Cover Photo: The Story Of The Backward-Knee Bird by Patrick Macke

The Story Of The Backward-Knee Bird

On the day the Lord created birds he gave them all the gift of flight but he also gave them other characteristics and anatomical distinctions that, in his wisdom, would help them on their journey. But birds, not unlike the flightless species they share the world with, often failed to see the goodness in God's plan and tended to complain about the challenging aspects of their winged existence.

The Long-Billed Curlew was an unhappy creature, carrying a chip on his shoulder and constantly carping about how unfair life was. To be sure the other birds who shared the shoreline with him did all they could to avoid him, generally chirping warnings to each other whenever they saw him approach. Curlew had a way of making a sunny day stormy and because he never stopped bellyaching about the way he was built, the other shorebirds started calling him They asked him if they could use his beak as a pole-vaulting pole and most of the birds in the neighborhood were quick with the Pinocchio joke. It was true that Curlew was oddly constructed and like all animals that are different, he saw a curse where he could have seen a blessing.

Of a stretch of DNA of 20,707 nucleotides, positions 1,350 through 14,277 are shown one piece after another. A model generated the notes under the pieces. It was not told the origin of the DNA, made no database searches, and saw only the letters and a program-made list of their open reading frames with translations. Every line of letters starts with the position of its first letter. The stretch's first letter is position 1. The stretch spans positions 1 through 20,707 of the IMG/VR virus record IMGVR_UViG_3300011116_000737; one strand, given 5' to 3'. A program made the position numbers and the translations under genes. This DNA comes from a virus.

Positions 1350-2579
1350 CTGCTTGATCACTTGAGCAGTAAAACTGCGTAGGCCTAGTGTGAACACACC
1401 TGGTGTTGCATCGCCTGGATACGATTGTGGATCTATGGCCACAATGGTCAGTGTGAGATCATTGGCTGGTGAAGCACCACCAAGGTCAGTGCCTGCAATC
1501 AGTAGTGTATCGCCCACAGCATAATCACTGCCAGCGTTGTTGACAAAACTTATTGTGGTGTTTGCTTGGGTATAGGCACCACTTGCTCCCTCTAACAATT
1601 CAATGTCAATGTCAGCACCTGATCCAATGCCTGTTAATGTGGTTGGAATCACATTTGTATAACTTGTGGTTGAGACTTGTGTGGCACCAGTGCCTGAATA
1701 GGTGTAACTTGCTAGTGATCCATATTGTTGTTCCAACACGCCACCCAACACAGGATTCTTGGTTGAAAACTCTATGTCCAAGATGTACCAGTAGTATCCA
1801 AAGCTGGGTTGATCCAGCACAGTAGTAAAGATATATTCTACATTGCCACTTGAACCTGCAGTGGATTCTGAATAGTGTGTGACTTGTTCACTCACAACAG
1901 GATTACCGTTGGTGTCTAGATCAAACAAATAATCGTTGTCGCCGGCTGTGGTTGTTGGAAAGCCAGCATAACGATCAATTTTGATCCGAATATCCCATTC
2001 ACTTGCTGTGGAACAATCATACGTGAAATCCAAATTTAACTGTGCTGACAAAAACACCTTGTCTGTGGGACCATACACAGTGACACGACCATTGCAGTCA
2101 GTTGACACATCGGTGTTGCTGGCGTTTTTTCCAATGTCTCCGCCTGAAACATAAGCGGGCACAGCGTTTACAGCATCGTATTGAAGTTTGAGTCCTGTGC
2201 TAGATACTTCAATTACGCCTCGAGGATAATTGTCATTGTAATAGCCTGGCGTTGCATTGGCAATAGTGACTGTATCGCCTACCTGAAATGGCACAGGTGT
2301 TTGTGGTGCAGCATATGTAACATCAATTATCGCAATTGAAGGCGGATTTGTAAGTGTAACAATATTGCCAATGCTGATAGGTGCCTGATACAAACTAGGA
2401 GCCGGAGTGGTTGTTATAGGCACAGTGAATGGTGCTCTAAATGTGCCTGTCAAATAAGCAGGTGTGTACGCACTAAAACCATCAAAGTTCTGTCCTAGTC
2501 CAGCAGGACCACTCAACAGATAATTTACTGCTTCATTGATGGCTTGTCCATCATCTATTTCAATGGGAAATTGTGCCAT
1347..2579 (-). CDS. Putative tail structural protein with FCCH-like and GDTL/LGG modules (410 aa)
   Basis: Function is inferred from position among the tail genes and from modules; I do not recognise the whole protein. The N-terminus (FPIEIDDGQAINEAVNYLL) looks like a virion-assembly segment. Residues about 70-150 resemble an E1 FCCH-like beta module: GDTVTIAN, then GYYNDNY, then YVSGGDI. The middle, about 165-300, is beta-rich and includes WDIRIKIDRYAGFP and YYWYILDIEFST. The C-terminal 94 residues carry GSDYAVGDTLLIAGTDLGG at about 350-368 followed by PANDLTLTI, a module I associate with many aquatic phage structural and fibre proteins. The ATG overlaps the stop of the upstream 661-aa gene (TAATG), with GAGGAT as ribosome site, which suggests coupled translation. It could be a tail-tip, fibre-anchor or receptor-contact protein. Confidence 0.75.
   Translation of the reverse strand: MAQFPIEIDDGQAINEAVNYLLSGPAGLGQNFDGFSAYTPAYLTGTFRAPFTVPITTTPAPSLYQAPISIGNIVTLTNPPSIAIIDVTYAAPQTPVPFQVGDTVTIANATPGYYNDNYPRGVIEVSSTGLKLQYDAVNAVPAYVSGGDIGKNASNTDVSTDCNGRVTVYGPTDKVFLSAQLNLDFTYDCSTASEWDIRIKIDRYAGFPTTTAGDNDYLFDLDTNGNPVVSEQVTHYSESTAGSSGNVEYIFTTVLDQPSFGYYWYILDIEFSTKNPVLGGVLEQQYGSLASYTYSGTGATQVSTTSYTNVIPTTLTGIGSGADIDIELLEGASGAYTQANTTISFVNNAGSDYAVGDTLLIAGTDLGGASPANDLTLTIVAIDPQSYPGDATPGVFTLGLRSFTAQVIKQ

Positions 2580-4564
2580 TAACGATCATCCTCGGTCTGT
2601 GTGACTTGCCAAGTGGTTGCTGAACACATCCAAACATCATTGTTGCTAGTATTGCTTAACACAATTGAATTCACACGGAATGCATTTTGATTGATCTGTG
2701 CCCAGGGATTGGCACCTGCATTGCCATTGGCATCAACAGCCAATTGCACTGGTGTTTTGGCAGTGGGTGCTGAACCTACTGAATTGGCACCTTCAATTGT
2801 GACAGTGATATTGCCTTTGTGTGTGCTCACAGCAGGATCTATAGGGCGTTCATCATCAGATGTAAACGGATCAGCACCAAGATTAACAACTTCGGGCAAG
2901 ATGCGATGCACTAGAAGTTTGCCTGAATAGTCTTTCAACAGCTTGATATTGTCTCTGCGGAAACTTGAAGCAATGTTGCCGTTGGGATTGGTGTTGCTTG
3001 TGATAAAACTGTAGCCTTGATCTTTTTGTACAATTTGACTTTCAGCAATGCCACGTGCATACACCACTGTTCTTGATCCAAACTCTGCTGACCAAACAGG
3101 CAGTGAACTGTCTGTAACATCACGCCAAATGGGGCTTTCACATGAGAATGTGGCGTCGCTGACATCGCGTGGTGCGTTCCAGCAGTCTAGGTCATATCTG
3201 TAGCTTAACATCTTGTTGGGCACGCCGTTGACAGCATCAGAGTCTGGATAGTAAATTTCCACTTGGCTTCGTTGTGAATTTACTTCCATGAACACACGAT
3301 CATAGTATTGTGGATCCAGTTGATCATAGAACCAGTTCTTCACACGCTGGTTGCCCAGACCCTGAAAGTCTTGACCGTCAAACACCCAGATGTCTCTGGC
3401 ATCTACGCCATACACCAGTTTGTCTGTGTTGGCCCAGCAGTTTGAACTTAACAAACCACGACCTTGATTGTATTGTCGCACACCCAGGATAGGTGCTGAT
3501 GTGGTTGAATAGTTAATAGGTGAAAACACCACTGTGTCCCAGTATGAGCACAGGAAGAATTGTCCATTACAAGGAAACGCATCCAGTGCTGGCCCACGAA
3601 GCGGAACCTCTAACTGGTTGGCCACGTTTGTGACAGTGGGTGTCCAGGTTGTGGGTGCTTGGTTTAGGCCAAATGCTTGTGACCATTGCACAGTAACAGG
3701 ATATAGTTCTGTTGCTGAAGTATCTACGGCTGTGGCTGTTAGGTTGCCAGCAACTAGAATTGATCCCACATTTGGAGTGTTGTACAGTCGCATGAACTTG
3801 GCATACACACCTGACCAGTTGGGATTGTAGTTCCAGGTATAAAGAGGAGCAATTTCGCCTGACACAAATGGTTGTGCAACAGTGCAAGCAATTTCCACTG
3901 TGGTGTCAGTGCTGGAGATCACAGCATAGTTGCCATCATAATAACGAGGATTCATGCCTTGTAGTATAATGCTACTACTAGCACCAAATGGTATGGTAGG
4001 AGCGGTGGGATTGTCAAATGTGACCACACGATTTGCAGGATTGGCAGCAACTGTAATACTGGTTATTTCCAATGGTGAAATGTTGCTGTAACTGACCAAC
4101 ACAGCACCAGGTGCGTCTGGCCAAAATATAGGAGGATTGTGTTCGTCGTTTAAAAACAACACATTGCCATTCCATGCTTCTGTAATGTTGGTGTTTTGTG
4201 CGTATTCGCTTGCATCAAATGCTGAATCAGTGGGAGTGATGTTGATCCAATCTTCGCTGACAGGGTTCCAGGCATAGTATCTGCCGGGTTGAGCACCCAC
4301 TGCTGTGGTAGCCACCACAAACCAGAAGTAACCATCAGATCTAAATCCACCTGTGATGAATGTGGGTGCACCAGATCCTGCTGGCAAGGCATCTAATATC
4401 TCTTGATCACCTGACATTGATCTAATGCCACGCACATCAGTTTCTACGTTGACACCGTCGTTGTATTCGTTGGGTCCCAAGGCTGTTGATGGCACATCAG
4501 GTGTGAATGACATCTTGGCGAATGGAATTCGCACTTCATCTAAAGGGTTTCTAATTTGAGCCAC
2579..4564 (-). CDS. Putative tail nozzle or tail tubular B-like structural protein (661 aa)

Imagine if you had a candlestick where your nose was supposed to be. Curlew didn't have to imagine because if he ever stopped thinking about his telescopic appendage he was quickly brought back to reality, as he was forever beak-bumping into things or poking objects he never intended to poke. Still, on his best day, he could tolerate his curved projection, after all, most of the flyers on the shore had long bills and when food was scarce and most birds went hungry, Curlew was well fed. On these days his horny bill was more like a magic wand, as he could plunge it deep into the sand and find crabs that no one else could reach.